Several years ago, a visiting professor taught an introductory statistics class at Pomona College, where I have taught for more than 40 years. When I asked how the class was going, he said, “At my university students ask how; here they ask why.” Knowing how to do a statistical test is important but more important is knowing why a specific test might be appropriate.
During a recent Saturday morning bike ride, I got to thinking about the way that this distinction relates to the limitations of current AI systems. Take something as simple as peddling a bicycle. A robotic bike rider equipped with a powerful AI system might be programmed to peddle or it might be trained to peddle by randomly fiddling with different parts of the bike but it would have no idea why peddling moves the bike forward.
Similarly, I don’t wear bike clips but I know why they can be helpful. A robotic bike rider might be given clips or learn through training that clips are useful but it would have no understanding of why they are helpful — or why they can be dangerous.
The more I thought about it, the more examples I thought of. For example, the route I took has long flat stretches interrupted by several steep hills so I shifted gears frequently and I understood why different gears are useful, as did John Kemp Starley, the man who invented bike gears. A robotic bike rider might know how to shift gears but not why — and would not invent bike gears.
Robots and Cross-traffic
At one point in my ride, I had to cross the traffic exit from a strip mall and I saw a car waiting to make a right turn in front of me. I saw the driver checking traffic to the left and I stopped my bike because I feared that the driver would pull out without checking to the right, where I was. Sure enough, when there was no traffic to the left, the driver stepped on the gas and sped onto the city street, oblivious to my presence. Knowing that this sometimes happens, I always wait to see the driver’s eyes before riding in front of a car.
What would a robotic bike rider do? With enough training (and collisions with cars) it might learn to be cautious around cars in this situation. However, it would not know why it should be cautious or why it is safer to check the driver’s eyes.
The question of why is closely related to the notion of causality, which allows humans to understand why things happen, to anticipate things that will happen, and to make plans to cause things to happen. As Judea Pearl and Dana Mackenzie have written,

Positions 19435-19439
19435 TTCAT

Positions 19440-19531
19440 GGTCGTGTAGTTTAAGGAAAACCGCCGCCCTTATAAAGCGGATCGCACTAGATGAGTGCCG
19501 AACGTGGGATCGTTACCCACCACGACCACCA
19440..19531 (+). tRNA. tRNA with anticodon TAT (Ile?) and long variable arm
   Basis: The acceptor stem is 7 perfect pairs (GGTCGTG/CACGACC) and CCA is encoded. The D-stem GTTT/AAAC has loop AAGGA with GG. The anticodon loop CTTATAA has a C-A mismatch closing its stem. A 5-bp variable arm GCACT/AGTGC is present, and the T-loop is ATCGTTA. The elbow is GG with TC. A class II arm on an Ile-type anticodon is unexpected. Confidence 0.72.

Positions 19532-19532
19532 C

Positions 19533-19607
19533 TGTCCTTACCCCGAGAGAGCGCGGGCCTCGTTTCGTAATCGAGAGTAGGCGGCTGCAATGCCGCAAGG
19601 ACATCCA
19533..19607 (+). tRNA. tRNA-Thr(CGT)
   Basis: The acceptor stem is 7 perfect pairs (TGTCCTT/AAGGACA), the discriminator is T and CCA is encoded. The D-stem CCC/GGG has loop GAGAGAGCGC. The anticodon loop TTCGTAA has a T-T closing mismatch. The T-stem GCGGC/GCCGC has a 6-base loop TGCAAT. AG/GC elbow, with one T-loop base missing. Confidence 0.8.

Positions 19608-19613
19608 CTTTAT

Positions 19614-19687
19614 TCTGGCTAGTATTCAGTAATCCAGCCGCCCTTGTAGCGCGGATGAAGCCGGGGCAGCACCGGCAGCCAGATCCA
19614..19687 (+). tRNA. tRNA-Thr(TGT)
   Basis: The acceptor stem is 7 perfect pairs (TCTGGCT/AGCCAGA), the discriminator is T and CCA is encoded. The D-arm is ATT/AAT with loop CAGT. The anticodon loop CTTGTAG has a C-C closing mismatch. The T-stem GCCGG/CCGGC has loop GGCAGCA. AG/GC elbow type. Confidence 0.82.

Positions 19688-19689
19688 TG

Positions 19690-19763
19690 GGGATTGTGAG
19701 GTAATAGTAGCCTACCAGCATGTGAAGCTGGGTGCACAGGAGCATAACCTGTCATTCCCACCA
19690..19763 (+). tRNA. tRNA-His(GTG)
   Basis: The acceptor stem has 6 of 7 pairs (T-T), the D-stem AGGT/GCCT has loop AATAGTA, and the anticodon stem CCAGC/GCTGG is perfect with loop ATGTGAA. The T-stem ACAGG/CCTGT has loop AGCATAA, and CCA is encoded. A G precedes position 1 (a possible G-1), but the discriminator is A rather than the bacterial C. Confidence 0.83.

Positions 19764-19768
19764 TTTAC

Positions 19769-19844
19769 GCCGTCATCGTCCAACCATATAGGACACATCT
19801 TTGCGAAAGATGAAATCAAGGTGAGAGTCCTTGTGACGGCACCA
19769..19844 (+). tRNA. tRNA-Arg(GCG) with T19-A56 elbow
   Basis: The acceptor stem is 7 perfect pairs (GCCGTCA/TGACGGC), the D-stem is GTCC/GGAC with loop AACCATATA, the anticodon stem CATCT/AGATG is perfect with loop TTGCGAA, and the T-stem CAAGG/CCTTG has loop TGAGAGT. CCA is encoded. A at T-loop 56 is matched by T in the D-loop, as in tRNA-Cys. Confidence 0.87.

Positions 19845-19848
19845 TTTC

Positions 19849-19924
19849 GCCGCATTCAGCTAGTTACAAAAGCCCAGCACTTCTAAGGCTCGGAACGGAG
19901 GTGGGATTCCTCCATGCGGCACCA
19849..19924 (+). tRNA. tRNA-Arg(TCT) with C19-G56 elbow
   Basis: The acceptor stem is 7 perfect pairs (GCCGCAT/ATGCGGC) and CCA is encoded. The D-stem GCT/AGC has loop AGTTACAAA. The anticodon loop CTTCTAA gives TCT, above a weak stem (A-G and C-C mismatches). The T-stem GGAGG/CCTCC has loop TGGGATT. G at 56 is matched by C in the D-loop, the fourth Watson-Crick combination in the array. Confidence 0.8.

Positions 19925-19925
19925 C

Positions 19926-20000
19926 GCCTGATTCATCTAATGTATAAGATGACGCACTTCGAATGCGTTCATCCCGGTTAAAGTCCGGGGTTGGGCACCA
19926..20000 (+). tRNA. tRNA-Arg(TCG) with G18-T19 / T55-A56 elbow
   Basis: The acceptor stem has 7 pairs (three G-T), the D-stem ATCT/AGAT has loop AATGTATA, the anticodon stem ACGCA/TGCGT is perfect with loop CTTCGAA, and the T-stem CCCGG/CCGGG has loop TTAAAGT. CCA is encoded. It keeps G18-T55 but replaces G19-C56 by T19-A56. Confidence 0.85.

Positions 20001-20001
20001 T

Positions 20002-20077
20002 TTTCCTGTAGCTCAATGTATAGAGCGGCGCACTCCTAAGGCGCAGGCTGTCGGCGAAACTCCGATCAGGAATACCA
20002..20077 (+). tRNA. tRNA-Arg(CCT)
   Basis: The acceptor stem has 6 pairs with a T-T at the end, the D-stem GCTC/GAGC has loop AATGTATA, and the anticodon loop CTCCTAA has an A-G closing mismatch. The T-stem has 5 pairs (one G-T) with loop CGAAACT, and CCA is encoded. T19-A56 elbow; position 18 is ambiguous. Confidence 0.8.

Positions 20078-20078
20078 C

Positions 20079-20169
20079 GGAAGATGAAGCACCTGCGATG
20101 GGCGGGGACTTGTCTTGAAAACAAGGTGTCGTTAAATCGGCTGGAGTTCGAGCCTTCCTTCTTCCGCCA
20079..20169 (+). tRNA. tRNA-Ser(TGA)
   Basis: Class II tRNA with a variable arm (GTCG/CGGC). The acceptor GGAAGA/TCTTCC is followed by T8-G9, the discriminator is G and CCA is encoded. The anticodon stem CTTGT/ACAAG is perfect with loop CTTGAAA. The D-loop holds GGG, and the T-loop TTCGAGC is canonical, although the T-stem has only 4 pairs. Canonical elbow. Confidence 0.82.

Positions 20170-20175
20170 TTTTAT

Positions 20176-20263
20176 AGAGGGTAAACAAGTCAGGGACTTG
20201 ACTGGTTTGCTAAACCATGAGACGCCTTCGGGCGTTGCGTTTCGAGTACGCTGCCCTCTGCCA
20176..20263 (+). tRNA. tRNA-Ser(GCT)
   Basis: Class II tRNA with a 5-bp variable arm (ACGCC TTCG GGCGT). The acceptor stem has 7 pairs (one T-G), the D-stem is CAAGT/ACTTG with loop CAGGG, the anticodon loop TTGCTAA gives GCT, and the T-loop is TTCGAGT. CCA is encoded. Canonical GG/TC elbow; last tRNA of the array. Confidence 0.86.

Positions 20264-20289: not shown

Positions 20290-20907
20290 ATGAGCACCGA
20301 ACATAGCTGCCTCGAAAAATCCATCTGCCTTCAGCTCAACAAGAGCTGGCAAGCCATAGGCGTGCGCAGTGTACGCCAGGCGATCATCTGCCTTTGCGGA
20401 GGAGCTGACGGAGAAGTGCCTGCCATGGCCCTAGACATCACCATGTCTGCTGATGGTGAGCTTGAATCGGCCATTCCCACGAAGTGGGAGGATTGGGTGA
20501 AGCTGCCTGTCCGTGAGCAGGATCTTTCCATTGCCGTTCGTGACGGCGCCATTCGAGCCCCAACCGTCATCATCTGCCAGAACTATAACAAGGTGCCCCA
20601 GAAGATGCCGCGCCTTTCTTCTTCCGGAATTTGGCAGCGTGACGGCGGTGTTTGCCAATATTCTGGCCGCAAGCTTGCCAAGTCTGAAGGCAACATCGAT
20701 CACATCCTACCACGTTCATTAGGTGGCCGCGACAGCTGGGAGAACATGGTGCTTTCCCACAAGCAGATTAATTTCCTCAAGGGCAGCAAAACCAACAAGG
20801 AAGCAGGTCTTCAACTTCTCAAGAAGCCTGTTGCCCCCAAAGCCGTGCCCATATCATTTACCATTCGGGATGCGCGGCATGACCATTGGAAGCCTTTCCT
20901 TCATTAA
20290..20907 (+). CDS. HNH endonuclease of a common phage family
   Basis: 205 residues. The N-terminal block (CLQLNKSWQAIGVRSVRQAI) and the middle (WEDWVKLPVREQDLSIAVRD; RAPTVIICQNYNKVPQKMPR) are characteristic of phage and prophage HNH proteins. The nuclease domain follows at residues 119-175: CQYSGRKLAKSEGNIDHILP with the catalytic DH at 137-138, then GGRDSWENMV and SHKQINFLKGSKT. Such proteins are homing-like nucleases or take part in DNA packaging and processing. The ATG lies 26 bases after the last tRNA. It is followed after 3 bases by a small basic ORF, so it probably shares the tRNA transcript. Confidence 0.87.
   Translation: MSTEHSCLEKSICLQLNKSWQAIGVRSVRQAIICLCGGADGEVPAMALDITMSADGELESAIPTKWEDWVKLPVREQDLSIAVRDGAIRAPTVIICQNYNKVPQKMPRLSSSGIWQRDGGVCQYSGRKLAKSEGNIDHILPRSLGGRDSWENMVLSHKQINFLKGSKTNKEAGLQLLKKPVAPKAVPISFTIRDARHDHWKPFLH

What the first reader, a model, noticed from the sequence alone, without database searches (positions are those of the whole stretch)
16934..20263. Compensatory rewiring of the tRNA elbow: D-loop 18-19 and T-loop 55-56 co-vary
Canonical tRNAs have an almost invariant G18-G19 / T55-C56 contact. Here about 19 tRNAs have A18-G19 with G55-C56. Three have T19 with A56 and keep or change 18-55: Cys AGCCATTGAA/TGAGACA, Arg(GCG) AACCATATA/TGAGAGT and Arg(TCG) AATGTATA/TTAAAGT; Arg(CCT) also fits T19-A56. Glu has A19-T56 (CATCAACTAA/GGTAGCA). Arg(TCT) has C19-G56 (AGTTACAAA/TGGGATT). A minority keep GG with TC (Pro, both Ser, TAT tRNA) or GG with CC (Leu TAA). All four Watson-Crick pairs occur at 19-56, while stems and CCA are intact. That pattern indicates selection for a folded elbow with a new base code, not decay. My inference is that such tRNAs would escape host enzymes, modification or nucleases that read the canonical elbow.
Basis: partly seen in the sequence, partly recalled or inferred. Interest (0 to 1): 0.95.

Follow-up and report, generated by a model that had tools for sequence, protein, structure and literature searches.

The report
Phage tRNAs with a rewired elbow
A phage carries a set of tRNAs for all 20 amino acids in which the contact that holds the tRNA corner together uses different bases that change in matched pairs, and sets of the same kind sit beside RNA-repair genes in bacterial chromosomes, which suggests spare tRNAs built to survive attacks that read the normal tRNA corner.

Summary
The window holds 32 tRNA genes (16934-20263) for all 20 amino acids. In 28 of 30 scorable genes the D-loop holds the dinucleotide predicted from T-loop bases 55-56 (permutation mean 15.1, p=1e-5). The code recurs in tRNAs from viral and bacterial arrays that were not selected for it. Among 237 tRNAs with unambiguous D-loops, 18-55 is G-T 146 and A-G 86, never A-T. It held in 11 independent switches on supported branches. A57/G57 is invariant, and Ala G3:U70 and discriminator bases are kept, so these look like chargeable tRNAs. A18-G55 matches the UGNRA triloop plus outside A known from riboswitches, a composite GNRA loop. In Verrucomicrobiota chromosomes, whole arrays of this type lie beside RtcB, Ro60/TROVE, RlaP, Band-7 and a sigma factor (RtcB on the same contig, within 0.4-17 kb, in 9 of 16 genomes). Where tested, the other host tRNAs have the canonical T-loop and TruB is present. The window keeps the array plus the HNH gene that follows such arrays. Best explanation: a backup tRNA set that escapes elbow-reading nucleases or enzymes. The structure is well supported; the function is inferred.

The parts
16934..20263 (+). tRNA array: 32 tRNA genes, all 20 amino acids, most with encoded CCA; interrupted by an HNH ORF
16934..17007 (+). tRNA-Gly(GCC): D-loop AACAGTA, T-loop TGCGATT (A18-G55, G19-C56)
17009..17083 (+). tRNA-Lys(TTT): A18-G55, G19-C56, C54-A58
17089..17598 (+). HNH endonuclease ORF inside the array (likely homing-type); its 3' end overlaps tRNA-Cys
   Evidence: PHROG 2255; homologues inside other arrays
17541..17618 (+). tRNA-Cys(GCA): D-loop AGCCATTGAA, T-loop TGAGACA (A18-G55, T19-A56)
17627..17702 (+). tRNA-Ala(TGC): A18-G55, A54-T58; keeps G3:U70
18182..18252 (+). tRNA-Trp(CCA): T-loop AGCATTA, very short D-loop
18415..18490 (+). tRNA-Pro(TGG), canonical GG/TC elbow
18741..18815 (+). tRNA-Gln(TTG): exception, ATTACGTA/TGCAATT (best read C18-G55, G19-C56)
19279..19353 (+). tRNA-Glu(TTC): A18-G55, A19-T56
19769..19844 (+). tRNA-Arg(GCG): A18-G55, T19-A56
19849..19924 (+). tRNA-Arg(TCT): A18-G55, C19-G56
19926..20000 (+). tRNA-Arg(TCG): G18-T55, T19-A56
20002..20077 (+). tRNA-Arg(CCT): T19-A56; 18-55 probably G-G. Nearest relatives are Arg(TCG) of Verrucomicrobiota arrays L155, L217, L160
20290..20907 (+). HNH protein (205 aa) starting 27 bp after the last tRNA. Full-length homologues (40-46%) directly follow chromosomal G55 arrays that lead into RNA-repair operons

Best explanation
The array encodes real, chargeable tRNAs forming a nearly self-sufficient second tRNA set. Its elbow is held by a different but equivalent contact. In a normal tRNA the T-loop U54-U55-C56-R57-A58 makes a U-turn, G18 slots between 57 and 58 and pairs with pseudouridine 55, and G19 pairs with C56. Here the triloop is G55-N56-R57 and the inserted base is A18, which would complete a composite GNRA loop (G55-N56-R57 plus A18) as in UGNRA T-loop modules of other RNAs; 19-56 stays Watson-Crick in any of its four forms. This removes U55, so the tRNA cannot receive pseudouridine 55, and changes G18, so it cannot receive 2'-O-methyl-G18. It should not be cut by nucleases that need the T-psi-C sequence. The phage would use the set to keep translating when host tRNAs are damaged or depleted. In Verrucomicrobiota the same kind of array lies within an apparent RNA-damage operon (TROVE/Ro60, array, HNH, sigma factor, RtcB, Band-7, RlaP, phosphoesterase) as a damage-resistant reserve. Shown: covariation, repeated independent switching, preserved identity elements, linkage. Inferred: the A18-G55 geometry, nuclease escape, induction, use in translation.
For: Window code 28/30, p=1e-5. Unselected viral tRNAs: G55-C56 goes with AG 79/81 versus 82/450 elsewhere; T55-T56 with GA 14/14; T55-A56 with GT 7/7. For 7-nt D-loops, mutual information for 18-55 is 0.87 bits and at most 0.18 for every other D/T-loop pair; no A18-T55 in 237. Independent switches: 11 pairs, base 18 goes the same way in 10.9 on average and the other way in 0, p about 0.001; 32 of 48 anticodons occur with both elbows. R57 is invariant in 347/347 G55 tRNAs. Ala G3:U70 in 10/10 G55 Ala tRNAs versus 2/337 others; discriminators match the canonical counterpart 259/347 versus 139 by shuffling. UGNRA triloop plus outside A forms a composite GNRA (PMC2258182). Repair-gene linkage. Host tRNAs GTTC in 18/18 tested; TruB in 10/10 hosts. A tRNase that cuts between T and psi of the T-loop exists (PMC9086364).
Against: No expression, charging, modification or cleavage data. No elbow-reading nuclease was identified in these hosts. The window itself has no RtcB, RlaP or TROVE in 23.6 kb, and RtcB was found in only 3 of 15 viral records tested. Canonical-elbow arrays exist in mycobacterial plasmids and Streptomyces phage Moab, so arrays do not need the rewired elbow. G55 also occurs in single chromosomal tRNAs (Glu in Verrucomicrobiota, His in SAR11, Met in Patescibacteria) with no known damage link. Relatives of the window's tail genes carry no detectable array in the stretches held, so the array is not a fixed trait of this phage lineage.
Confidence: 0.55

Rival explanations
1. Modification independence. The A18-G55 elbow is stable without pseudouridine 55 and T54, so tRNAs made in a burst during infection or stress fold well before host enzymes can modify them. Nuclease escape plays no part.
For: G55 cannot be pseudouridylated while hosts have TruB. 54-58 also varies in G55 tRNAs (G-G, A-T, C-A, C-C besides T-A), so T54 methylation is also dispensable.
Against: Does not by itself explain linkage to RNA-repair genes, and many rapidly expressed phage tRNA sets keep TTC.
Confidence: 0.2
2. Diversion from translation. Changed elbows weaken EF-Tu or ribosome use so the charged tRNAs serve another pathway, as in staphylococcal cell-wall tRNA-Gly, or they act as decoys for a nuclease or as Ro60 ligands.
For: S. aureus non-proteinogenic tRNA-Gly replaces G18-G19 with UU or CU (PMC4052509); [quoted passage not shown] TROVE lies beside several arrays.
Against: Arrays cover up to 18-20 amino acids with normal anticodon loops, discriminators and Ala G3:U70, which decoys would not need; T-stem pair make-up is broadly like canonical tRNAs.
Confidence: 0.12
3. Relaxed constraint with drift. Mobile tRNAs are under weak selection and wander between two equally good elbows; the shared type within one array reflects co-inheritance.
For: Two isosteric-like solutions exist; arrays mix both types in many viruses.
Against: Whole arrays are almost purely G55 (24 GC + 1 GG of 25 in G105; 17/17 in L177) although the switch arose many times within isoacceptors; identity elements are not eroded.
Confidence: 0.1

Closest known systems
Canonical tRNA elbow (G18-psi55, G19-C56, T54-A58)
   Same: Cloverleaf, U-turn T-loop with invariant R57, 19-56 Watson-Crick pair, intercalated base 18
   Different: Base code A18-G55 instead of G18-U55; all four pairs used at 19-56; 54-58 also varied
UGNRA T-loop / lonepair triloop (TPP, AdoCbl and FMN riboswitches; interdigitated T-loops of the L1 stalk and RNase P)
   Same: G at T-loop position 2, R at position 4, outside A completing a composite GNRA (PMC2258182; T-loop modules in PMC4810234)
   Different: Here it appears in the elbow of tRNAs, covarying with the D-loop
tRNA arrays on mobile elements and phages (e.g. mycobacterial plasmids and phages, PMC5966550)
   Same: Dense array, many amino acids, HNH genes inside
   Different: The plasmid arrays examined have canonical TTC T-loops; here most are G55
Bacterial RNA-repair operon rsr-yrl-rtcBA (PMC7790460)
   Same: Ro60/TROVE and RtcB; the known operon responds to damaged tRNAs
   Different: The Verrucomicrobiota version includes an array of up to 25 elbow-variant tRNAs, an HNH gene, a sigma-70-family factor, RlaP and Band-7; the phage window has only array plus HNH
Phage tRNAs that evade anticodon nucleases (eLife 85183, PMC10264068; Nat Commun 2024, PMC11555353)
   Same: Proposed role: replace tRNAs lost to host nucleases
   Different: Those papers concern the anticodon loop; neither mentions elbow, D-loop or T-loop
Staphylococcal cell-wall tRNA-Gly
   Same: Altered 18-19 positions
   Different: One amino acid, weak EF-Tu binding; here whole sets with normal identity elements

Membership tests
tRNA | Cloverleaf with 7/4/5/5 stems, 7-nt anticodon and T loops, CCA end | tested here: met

Some tens of thousands of years ago, humans began to realize that certain things cause other things and that tinkering with the former can change the latter….From this discovery came organized societies, then towns and cities, and eventually the science- and technology-based civilization we enjoy today.
A wonderful example of the distinction between how and why happened in the 1600s when Sweden’s King Gustav II placed orders for four military ships from the Hybertsson shipyards in Stockholm. At the time there was little understanding of why certain ship designs were more stable than others. There was only how: shipbuilders learned what worked and what didn’t work by seeing which ships were seaworthy and which sank.
Henrik Hybertsson was the master shipwright at the Hybertsson shipyards and he started construction of the Vasa, a traditional 108-foot ship with one gun deck armed with small cannons, without detailed plans or even a rough sketch, since he and the builders were very familiar with how such ships were built.
When Gustov learned that Denmark was building a ship with two gun decks, he ordered that a second gun deck be added to the Vasa, and that the length of the boat’s keel be extended to 135 feet. Hybertsson had never built such a ship, but he assumed it should be a simple extrapolation of a 108-foot ship with one gun deck.
Instead of thirty-two 24-pound guns on one deck, Vasa carried forty-eight 24-pound guns, twenty four on each deck, which raised the ship’s center of gravity. The King also ordered the addition of hundreds of gilded and painted oak carvings high on the ship, where enemy soldiers could see them; these, too, raised the center of gravity. You know where this story (and this ship) is heading.
When the Vasa was launched in 1628, in Stockholm harbor, the wind was so light that the crew had to pull the sails out by hand, hoping to catch enough of a breeze to propel the boat forward. Twenty minutes later, 1,300 feet from shore, a sudden 8-knot gust of wind toppled the boat and it sank.
The wood survived underwater because of icy, oxygen-poor water in the Baltic Sea, and 333 years later, in 1961, the Vasa was pulled from the ocean floor. After being treated with a preservative for 17 years, it is now displayed in its own museum in Stockholm.
We now know why some boats are stable and others are not; specifically, we know that taking a boat design that works for one boat size and scaling up, say by increasing all the dimensions by 25 percent, can end disastrously.
Why the “Why” Matters
In the same way, as I have written many times, the Achilles heel of current AI systems is that they do not understand the meaning of the data they input and output and therefore have no way of assessing whether the statistical patterns they discover are causal or coincidental. They do not understand why and are consequently prone to make decisions with real consequences based on fleeting happenstance.
A few weeks ago, Blaise Agüera y Arcas and Peter Norvig, two prominent AI enthusiasts, published a paper with the audacious title, “Artificial General Intelligence Is Already Here.” My retort continues to be that the real danger today is not that computers are smarter than us but that we think computers are smarter than us and consequently trust them to do things they should not be trusted to do.
Computers will not equal, let alone surpass, human intelligence until they move beyond how to why by appraising causality.